Associative Property of Convolution?

  1. Hi,

    I have a quick question about certain algebraic properties of convolution. If I have 3 functions x(f), y(f) and z(f), is the following true?

    [x(f) . g(f)] * z(f) = [x(f) * z(f)].g(f)

    I looked on Wikipedia but there's only a property like this if one of the terms is a scalar, so most likely I can't do relation described above?

  2. jcsd
  3. mathman

    mathman 6,435
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    Gold Member

    Your notation is confusing. (What is *, what is .?) However, in general, convolution is associative and communicative. The easiest way to see it is by looking at the relationship of the transforms, where convolution becomes multiplication, which is both associative and communicative.
  4. Hey DWill.

    On top of what mathman said, you can prove it has these properties by resorting to the definition of convolution.

    Also if you aren't convinced, take a look at probability theory for finding the cumulative distribution for X,Y,Z where they are all independent (but not necessarily identically distributed) which is given by the convolution of all three pdf's.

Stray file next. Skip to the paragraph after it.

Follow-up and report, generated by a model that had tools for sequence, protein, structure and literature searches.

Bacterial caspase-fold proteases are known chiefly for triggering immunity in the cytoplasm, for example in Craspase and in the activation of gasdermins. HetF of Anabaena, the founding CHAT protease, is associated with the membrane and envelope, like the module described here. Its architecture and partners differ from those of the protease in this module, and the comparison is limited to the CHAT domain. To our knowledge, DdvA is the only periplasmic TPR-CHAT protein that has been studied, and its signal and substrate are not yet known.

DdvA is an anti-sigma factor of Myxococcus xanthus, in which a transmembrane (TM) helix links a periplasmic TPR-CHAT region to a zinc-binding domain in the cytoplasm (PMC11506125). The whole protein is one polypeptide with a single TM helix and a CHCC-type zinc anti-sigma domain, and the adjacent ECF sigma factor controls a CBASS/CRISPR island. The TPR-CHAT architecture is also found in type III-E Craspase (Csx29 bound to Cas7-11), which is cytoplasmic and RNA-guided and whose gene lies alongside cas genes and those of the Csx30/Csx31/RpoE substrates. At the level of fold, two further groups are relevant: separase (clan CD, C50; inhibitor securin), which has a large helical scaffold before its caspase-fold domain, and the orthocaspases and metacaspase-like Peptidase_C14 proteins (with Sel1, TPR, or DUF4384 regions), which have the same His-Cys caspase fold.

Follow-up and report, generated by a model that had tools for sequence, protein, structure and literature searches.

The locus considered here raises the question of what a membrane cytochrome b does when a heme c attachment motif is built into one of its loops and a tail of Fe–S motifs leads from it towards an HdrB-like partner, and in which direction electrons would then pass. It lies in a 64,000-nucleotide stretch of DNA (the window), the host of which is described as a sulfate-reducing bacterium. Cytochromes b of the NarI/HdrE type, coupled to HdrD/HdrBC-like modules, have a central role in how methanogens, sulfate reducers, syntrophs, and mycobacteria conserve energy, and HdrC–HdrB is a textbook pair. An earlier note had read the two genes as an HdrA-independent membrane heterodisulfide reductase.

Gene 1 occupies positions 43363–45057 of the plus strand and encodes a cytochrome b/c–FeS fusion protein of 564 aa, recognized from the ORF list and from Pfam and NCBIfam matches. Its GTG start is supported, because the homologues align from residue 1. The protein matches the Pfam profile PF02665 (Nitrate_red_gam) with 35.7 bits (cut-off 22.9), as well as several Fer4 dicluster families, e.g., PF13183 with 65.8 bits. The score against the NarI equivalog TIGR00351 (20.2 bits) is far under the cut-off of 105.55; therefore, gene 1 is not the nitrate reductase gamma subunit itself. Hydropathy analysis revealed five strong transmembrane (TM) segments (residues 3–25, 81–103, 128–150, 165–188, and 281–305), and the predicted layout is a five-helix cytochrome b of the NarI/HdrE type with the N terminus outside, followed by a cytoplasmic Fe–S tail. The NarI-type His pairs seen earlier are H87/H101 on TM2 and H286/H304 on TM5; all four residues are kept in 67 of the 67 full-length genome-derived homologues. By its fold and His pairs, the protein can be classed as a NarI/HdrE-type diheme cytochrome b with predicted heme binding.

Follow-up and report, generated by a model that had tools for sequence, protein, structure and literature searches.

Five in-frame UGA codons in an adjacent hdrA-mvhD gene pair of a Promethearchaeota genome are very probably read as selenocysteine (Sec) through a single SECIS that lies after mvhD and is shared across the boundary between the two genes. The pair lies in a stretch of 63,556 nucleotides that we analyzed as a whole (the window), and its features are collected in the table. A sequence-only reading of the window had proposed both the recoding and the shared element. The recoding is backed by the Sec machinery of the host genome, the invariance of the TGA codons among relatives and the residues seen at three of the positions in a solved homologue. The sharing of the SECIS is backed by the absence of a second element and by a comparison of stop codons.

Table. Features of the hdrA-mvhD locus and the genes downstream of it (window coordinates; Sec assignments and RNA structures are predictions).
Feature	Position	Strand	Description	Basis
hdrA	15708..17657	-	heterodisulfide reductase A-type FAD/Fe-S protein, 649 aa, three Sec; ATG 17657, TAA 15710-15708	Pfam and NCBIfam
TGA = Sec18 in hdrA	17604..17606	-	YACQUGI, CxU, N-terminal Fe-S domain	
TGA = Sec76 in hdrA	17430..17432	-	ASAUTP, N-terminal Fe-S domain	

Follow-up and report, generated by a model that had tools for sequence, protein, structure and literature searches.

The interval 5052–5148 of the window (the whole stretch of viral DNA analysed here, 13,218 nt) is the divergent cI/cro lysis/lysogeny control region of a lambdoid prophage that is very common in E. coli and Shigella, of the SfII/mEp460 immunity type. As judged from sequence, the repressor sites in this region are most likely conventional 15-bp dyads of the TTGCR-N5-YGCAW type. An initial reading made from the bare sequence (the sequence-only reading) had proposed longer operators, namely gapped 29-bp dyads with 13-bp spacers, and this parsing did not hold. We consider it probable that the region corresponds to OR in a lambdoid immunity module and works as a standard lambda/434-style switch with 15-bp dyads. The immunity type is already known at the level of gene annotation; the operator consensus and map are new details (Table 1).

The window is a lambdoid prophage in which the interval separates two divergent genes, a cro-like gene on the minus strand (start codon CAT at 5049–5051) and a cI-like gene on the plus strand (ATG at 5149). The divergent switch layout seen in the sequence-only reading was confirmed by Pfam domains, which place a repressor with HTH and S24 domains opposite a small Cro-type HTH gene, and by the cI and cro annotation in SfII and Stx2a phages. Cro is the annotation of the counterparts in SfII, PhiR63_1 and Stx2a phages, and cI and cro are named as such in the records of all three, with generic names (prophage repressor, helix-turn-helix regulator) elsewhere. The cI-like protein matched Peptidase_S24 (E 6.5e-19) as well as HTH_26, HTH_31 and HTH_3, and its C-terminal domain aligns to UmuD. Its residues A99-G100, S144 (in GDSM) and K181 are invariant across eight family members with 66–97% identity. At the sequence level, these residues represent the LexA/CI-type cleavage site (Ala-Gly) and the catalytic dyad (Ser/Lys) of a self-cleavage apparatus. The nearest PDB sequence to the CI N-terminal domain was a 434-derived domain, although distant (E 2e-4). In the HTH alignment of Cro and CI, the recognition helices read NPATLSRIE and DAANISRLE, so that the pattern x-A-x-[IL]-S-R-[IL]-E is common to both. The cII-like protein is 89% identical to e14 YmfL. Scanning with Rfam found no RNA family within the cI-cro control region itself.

Because X + Y + Z = (X + Y) + Z = X + (Y + Z) = Y + X + Z = Z + X + Y and so on, you intuitively get the idea once you accept the theorem in probability that convolution must be associative and commutative.
  5. Ok thanks mathman and chiro! That makes sense. I just wondered if the associative property still applied with three arbitrary functions, because in all the places I've looked so far there is only two functions and a scalar used for the associative property. I'll think about it a bit further but I think this clears it up.

    And sorry if my notation was confusing, I was just going by the convention of the "." being multiplication and "*" being convolution.
  6. mathman

    mathman 6,435
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    Gold Member

    Now I am very confused. I assumed you were interested in a three function convolution. However your notation, as you just defined it, seems to involved a convolution and a product.
  7. That's correct, the operation I was asking involves a convolution and a product. I looked at it more myself and tried it out on a few functions, and I think this might not be possible?

    To further clarify, I was wondering if the product of the convolution of x(f) and g(f) with z(f) is equal to the product of the convolution of x(f) and z(f) with g(f)?
  8. Ohh! That might not work. I was under the impression that both the . and the * were convolutions.
  9. LCKurtz

    LCKurtz 8,273
    Homework Helper
    Gold Member

    Indeed! Sometimes it tells us lot!

    :smile: Sorry, I couldn't resist.
  10. mathman

    mathman 6,435
    Science Advisor
    Gold Member

    Tooshay - I need to proofread better.
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